I don't really even know anyone who plays chess that has the capability of going over games. I always thought it was something you could do yourself, pe ...[text shortened]... person/engine/other, to fully understand what was 'missed'... or what could be done better.
    If it's just tactical blunders that you want pointed out, yeah, using an engine is the quickest way. I use Fritz; I'm not familiar with Chessmaster, but I'd think the analysis function is similar. I don't get overly fancy. I just pull up an old game, set the engine for infinite analysis, and start stepping through the moves one-by-one. By watching the numerical evaluation for the principal variation (PV), it's easy to see when someone blunders - the eval will change dramatically. Then just look at the PV for the previous move to see the best move.

    My only problem with using an engine in this way is that, because I'm rated so low, the engine quickly reaches many more plies (half moves) than I'm able to comprehend. So to get around this problem, I typically manually stop the infinite analysis when it reaches a ply count that I can deal with (usually 4-8 plies). So I'm constantly starting and stopping the infinite analysis for each move to limit the ply count. You could probably also do a blunder check with a ply cutoff value, but I prefer the infinite analysis mode.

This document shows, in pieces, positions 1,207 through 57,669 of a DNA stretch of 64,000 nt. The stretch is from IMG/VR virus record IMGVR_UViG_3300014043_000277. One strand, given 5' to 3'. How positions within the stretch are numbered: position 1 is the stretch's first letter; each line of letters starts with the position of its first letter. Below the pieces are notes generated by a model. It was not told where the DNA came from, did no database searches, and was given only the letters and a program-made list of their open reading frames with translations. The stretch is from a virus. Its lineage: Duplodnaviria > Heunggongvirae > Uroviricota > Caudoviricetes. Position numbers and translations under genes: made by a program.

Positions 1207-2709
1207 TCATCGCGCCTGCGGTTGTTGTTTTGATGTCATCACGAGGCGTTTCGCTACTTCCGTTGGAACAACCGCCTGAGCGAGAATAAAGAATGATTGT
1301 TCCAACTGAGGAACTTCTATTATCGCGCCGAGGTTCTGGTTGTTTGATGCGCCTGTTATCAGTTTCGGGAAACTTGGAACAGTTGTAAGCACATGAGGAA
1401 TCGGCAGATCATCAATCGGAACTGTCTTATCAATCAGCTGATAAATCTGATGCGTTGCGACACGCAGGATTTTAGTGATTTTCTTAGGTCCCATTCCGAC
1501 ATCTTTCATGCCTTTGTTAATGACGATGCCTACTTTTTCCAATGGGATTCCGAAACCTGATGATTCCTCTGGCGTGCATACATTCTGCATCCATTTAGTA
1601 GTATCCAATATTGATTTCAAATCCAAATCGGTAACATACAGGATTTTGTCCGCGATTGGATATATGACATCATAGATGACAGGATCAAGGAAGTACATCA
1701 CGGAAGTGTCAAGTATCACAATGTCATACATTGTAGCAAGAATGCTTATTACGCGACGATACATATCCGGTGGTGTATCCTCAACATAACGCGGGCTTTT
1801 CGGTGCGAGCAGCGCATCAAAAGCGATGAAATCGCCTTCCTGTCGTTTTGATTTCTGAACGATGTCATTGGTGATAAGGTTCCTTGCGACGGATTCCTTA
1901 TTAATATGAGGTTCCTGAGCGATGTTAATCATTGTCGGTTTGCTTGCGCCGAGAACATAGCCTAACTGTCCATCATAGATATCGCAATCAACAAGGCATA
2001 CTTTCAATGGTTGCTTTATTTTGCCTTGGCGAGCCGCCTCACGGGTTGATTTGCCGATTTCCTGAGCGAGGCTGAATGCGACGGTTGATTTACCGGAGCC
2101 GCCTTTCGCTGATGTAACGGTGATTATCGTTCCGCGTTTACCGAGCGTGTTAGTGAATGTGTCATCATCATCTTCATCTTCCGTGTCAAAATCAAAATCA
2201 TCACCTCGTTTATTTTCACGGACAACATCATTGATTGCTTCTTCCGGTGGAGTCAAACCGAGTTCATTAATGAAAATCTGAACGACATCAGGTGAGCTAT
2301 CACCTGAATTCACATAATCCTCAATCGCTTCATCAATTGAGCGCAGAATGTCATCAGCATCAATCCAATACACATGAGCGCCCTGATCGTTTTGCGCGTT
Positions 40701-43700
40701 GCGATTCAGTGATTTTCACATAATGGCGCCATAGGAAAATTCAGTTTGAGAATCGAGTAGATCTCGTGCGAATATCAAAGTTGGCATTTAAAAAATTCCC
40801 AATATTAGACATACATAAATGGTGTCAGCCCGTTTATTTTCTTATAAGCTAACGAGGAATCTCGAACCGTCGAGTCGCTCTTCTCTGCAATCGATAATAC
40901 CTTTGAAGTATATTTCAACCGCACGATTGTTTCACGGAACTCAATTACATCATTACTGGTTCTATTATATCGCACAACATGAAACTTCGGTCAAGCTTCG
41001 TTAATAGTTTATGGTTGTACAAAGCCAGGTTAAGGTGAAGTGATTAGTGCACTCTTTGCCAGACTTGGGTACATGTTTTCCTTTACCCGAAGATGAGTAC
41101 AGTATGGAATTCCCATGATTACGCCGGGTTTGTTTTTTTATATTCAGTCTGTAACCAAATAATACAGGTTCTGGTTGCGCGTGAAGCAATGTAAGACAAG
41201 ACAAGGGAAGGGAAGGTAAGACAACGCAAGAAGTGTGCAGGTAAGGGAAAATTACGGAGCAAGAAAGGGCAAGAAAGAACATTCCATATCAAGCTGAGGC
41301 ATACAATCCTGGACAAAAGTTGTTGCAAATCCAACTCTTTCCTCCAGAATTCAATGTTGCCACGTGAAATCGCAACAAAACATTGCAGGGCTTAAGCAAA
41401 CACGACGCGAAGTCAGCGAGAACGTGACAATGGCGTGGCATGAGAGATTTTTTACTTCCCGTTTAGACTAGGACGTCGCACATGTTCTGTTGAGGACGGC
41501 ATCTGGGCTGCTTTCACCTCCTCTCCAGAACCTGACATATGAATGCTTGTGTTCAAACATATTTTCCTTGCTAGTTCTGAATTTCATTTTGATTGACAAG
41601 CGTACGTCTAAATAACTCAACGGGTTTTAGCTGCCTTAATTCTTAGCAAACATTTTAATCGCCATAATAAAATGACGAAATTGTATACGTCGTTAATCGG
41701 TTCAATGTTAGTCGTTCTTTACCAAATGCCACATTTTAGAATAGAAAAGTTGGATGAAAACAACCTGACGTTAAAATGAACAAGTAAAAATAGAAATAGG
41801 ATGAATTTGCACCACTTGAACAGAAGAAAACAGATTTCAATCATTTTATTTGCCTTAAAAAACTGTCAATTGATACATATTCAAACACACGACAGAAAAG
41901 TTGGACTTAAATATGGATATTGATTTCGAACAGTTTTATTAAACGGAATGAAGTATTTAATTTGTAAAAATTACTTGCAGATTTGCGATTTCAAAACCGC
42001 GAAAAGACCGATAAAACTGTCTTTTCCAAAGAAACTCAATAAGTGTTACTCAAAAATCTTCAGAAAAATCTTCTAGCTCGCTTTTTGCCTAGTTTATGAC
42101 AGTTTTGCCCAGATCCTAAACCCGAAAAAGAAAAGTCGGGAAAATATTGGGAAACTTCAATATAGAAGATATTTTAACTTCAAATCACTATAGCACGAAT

6. 14 Mar '07 21:50 / 1 edit
    Originally posted by JimSardonic
    Not so much that...

    I want to be able to analyze my games, and understand where I went wrong. The problem in this, lies in the fact that if I knew of a better move -- I'd have made it in the game.

    I don't really even know anyone who plays chess that has the capability of going over games. I always thought it was something you could do yourself, pe ...[text shortened]... person/engine/other, to fully understand what was 'missed'... or what could be done better.
    For me, I think one of the main benefits of reviewing past games has been retaining and regurgitating the lessons learned. The ol' "don't make the same mistake twice" is often lost in the moment, and you can see it more clearly after the game.

    The obvious benefit of hindsight helps in locating where an opponent has taken advantage of a move to win a piece or gain a stronger position. In a game you lose, advance through the game until you see a point where your opponent has made a strong move (ie a revealed check or fork) and identify how this could have been prevented. During the game, you may not have seen the attack or understood where you were vulnerable, but seeing how you were taken advantage of might make the move easy to spot. Try flipping the board around, too!